moose as for oil consider that China is now the largest automobile market. further as the price of oil has spread wealth folks in places like the Saudi's start to get a taste for automobiles and a more energy intensive lifestyle. Watch for the Saudi's to begin to use more of their oil at home and export less. How does that work for us?
Then consider the time it takes to convert things like liquid fueled truck fleets to nat gas, etc. Doesn't look like a smooth transition to me.
My guess is that there will be a frantic effort at some point. It is a matter of survival of lifestyle. US demand is important, but the rest of the world is making the USA just a part of the demand. Check out Pakistan/diesel fuel and other places of limited wealth in Africa. The shortages have already started and noticeable at the margin. Here we just pay the price because we still can for the moment. On the other hand there are probably a bunch of folks here who can no longer pay the price either.
Faith and belief in the current team assembled. We know there is a need for storage that is going to increase exponentially, we know the grid and electricity problems globally are overwhelming, It appears their product is pretty solid, so we are banking on the team and the leaders of this company to make it happen. At this juncture if you believe in the team you buy the stock, if you don't then you wait.
What isn't even factored into this equation really is that this is a 2013-2015 story. Their are electricity issues now that are severe and oil is a 100 a barrel with 8.6% (by government numbers) to what is probably 15% unemployment. What if unemployment is back down to 4 or 5% and Europe and Japan are recovering, India straightens itself out for a business climate. Who knows, should be fine.
Thank you again.
Here is another instance of the growing demand for liquid fuel.http://en.wikipedia.org/wiki/Tata_Nano
Thinking about it China's push towards electric cars is as much a move away from liquid fuel as it is from pollution as generating the electricity will create pollution. Might move the source of the pollution or the kind of pollution, but the pollution remains. Example is build a new coal fired generating plant but put it a bit away from the city. New nukes are clean until they are not as in Japan.
Just starting to look at KNDI this morning and looks interesting. If it looks good after a few hours of reading probably buy a little and start to become familiar with it.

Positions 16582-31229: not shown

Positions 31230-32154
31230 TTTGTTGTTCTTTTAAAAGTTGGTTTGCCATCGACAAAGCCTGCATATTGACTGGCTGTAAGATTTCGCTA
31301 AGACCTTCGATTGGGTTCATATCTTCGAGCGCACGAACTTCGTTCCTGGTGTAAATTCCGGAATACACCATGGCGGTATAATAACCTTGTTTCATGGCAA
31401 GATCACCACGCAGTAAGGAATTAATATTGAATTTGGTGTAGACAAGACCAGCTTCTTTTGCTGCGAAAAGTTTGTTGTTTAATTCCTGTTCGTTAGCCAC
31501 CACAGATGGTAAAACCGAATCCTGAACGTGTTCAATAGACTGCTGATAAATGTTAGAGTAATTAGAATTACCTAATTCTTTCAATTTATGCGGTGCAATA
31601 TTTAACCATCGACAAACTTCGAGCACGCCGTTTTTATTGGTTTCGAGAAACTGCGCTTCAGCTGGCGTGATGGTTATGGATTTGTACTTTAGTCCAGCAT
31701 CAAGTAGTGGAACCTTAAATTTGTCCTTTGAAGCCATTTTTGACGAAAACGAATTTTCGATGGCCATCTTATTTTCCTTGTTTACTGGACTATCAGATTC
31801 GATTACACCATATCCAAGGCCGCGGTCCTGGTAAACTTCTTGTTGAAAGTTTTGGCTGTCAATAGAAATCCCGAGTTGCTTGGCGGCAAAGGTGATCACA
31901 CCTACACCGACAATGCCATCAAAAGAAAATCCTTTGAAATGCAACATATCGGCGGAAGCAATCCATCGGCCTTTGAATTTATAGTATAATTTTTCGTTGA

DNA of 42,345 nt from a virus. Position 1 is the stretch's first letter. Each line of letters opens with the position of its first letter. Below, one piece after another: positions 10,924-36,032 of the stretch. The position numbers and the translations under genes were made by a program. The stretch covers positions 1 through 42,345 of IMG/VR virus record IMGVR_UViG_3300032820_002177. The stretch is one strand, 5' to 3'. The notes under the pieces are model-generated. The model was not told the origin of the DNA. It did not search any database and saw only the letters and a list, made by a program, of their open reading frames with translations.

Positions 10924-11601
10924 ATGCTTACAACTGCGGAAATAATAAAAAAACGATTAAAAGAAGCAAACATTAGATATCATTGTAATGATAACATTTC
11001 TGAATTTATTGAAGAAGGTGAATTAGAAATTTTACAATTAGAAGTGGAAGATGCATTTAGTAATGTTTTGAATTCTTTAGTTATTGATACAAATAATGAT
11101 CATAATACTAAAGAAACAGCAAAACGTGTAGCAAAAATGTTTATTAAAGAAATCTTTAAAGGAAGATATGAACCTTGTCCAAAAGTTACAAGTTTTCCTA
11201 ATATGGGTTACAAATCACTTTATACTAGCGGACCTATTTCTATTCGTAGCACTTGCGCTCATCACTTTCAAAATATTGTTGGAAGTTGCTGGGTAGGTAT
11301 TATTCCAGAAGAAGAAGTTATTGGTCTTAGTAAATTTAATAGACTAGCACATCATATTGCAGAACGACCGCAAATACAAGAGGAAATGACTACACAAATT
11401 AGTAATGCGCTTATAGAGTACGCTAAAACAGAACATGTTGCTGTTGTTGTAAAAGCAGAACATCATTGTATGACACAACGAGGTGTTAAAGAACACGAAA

Fracking Moratorium Urged by U.S. Doctors
By Alex Wayne - Jan 9, 2012
The U.S. should declare a moratorium on hydraulic fracturing for natural gas in populated areas until the health effects are better understood, doctors said at a conference on the drilling process.
Wow, if this gets traction.
What's done is the 25 kW inverter. According to one poster here, there is a 60 kW and 125 kW still in testing. The company won't predict for the record how long that will take, and who can blame them?
I don't have any feel for what contracts would depend on the larger sizes. While I'm not clear on whether the Flow Battery is a good candidate for the Viridity Energy/PJM money making opportunities related to new FERC rules, I do know that the minimum "ante" is 100 kW. So AXPW has first mover in that market, and also the ability through their (private) Princeton Power Sytems provided UL inverter to interface with Solar Arrays as well.
The China story is good but nebulous news, given the reputational hit anything China related has taken in the last year. It would be easier to get excited if we trusted them more, but sadly, many investors don't. That goes for both numbers that will be reported, and the IP we're "giving" them.
We'll just have to be patient and see how the revenues (and hopefully profits!) pan out. I expect to get more solid, dependable, believable numbers out of the Korean JV sooner.
You are of course correct, there's a lot of good things happening. It's just hard to be patient given the lack of real data to back investment decisions on.
It's still largely a matter of faith at this point. But that's what makes a market, eh?
China is making a big push into electric vehicles. I have a position in KNDI, which makes very lightweight and inexpensive cars with "quick change" batteries under the rocker panel. The company appears to be politically well connected, and the required infrastructure is getting built with further political connections to power generation and battery companies. Air pollution is a huge problem there in addition to their actual and feared dependence on foreign oil.KNDI seeks to produce a lot of cars for the masses, and I think they've got a good shot. They will recharge the batteries in off-peak periods.
(And yes, I appreciate the irony of owning a Chinese stock and complaining about lack of "faith" in ZBB's joint venture. Though if their technology gets stolen, it'll be a fair fight in their courts.)
Have you considered what happens if our Fracking Techniques (especially Gasfrac which doesn't use water :-) to Frack ) get exported to lots of other countries? What if the Russian near monopoly on Nat Gas were broken in Europe? I know Poland is pushing Fracking already. France of course has banned it, but if you get the Water issue out the way, even they might come around if Gasfrac figures out a good way to license or export their technology.
Not to say you don't raise lots of good points, but we've heard a lot of them for quite a while and yet we keep stumbling along ... and when the economics of higher oil prices get in place, actions we haven't thought of seem to keep appearing ...